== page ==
Teacher vacancies impact students

At Chaparral High School (CHS) teacher shortages lasted the first six months. There were five teacher openings; most were freshman classes. Assistant Principal Roberto Mata said, “The toughest ones to fill were math, science and special ed, but it’s getting harder and harder to find teachers in the content area.” 

The Chaparral administration has reached the point where they asked colleges to send practicing students that have not graduated, so that the school can train them and then they will hire them.

The way the teacher’s shortage affects the students is that students have to deal with having subs in the classroom instead of teachers. Other teachers provide class work to the subs so they can give it to the students, and other teachers will grade them. Mata said,
 “This puts stress on the other because they have to double the work.” 

Why do schools have so many open positions for teachers?

According to a krqe web article, the main problem with teachers is that they are at the end of their rope, they are quitting in the middle of the year. In many cases, their students are left with long-term substitutes. This affects students on their education.


What is the school board or the school district doing to fix this problem?

In this article, “Santa Fe schools to move specialized staff into classrooms to cover teacher shortages,” the Superintendent of Santa Fe, Veronica García, is planning on having temporary reading instructors, digital learning coaches and other specialized support staff into the classroom.  

García said in the article, “Project Put Students First as her response to a teacher shortage that plagues the local district and many others across the state.” What Garcia did was that she found 15 classrooms in which she plans to replace long-term substitute teachers with current staff members who are licensed educators working in different roles.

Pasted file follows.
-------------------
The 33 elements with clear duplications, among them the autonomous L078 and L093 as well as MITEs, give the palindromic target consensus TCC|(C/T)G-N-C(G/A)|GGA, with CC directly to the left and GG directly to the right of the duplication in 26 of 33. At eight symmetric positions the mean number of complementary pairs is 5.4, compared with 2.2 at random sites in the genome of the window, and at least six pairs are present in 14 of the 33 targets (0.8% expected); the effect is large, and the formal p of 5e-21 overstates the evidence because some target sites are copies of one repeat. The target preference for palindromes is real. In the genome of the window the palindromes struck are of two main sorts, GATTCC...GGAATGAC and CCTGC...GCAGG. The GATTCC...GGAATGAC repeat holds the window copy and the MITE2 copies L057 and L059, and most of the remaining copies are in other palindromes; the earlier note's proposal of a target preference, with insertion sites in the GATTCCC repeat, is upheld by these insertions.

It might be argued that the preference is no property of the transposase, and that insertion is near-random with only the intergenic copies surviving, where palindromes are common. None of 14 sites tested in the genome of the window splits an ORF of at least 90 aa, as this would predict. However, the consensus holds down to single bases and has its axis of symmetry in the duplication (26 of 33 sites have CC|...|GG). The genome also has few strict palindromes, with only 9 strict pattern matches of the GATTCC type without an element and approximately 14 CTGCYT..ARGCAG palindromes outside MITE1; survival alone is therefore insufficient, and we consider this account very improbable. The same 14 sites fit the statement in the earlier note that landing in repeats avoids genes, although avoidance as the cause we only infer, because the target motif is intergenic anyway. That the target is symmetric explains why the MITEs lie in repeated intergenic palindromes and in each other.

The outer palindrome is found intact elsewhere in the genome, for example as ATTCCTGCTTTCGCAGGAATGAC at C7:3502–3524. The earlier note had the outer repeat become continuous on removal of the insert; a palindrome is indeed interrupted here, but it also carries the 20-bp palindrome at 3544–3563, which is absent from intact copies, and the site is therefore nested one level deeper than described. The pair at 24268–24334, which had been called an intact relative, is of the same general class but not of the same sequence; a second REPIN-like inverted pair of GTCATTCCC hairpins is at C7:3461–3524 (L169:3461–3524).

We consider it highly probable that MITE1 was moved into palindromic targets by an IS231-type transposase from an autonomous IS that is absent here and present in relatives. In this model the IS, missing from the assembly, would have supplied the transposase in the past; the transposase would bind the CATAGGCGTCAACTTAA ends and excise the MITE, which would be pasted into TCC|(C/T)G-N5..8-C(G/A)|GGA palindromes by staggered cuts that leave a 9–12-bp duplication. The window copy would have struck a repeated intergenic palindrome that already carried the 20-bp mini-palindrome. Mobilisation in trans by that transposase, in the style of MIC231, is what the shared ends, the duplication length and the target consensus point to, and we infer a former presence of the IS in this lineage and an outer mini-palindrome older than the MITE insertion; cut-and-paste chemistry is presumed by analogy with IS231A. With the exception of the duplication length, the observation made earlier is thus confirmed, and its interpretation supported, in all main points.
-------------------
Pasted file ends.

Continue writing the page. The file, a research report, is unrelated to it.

How are teachers dealing with this problem? 

Alice Trosclair’s article says “She has been teaching for eleven years.  She currently teaches English III, English Language and Composition AP, and English Literature and Composition AP.”

Alice said in her article, “There were kinds of educators leaving the profession, including experienced retirees as well as new teachers who find the career is not sustainable for their lives.”

Alice is saying, “Teachers-in-training need more time in real classrooms.” She also said, “teachers needing less theory and more “hands on” experience.”

Alice said, “Do not send them to only the honors and AP classrooms, let them plan lessons and deliver them.” The article also said, “give new teachers seasoned mentors and let an experienced teacher help them with their first three years.”

Alice said that, “For most new teachers, content knowledge is not the problem; it is classroom management and balancing the reality with the fantasy of teaching that is the rub.” The article mentions that experienced teachers are priceless and their involvement will save the new teachers coming into the classroom. 

Alice also said, “Teaching is a lonely job and no one knows what we go through more than other teachers who have been there. A team of teachers who help other teachers is priceless.”